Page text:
John in his Gospel tells some stories we don’t get from the other Gospels. In this unique story, we hear of Jesus calling Nathanael. It’s a great story about how Jesus first called Philip and Philip could not keep Jesus to himself. The story moves like this: Jesus found Philip > Philip found Nathanael > We have found him! (The word “find” occurs five times in John 1:41, 43, and 45).

In addition to this movement of finding, the dynamic dialogue moves the story along. The first words are Jesus’.

Jesus (to Philip): Follow me.

 

Philip: We have found him about whom Moses in the law and also the prophets wrote, Jesus son of Joseph from Nazareth.

Nathanael: Can anything good come out of Nazareth?

Philip: Come and see.

 

Jesus: Here is truly an Israelite in whom there is no deceit!

Nathanael: Where did you get to know me?

Jesus: I saw you under the fig tree before Philip called you.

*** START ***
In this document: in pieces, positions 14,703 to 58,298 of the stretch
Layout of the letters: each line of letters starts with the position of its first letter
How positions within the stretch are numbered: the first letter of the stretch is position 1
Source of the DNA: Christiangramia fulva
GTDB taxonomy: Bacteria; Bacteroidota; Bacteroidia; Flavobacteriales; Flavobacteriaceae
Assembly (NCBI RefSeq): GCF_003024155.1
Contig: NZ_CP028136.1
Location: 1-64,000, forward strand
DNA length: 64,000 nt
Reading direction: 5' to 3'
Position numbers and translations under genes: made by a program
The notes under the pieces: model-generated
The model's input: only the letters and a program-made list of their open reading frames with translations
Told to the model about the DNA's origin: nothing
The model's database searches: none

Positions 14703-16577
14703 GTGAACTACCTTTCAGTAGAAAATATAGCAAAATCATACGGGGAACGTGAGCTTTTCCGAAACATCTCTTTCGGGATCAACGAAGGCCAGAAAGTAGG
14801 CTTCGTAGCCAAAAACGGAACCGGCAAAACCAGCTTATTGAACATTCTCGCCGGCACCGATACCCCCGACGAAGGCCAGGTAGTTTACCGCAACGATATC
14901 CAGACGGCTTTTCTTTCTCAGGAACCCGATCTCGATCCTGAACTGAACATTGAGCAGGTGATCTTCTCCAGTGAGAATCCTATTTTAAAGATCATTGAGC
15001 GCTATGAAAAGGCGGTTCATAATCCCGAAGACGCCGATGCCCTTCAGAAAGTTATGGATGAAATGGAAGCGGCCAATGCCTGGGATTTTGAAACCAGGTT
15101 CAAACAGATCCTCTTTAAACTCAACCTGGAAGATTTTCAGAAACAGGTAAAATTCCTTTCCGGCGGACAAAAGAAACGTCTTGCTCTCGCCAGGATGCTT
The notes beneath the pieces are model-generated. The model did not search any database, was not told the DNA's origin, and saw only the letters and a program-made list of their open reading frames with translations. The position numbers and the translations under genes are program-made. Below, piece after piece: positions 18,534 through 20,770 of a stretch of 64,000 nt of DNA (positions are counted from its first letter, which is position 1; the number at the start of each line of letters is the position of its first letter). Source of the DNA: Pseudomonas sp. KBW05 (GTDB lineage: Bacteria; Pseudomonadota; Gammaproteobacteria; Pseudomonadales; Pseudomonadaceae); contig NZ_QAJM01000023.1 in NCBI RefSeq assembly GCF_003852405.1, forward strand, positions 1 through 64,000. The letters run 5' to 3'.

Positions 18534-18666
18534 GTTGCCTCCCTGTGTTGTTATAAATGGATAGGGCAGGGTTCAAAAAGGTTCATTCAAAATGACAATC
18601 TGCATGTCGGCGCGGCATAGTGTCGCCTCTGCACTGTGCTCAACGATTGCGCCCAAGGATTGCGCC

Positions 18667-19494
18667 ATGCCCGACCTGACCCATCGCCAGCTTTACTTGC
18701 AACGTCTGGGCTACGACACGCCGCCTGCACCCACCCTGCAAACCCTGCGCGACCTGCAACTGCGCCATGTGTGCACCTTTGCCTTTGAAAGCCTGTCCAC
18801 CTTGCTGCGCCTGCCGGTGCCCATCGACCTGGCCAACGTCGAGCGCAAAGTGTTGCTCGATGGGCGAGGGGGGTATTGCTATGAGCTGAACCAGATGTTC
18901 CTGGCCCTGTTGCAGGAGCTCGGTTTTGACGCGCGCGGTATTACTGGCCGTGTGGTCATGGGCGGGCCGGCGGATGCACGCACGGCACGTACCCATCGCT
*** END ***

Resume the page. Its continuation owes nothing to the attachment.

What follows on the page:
Nathanael: Rabbi, you are the Son of God! You are the King of Israel!

Earlier in the first chapter of his good news, the author has sought to clarify for his hearers the identity of Jesus. John’s view of Jesus is very high: He was God (1:1); he became Human (1:14). He is  the Lamb of God (1:36) and the Son of God (1:43). John is clear from the beginning that he is a believer. Throughout his story, consequently, John seeks to help us experience our own self-discovery of Jesus; in short, he seeks to help us find Jesus.

However, the flip side of us finding Jesus is that Jesus is also seeking us. In the story prior to this one, Jesus found Philip, who in our story, now finds Nathanael. Philip exclaims, “We have found him about whom Moses in the law and also the prophets wrote, Jesus son of Joseph from Nazareth.” Philip is certain that Jesus is the one that Moses promised. Almost certainly Philip has in mind Deuteronomy 18:15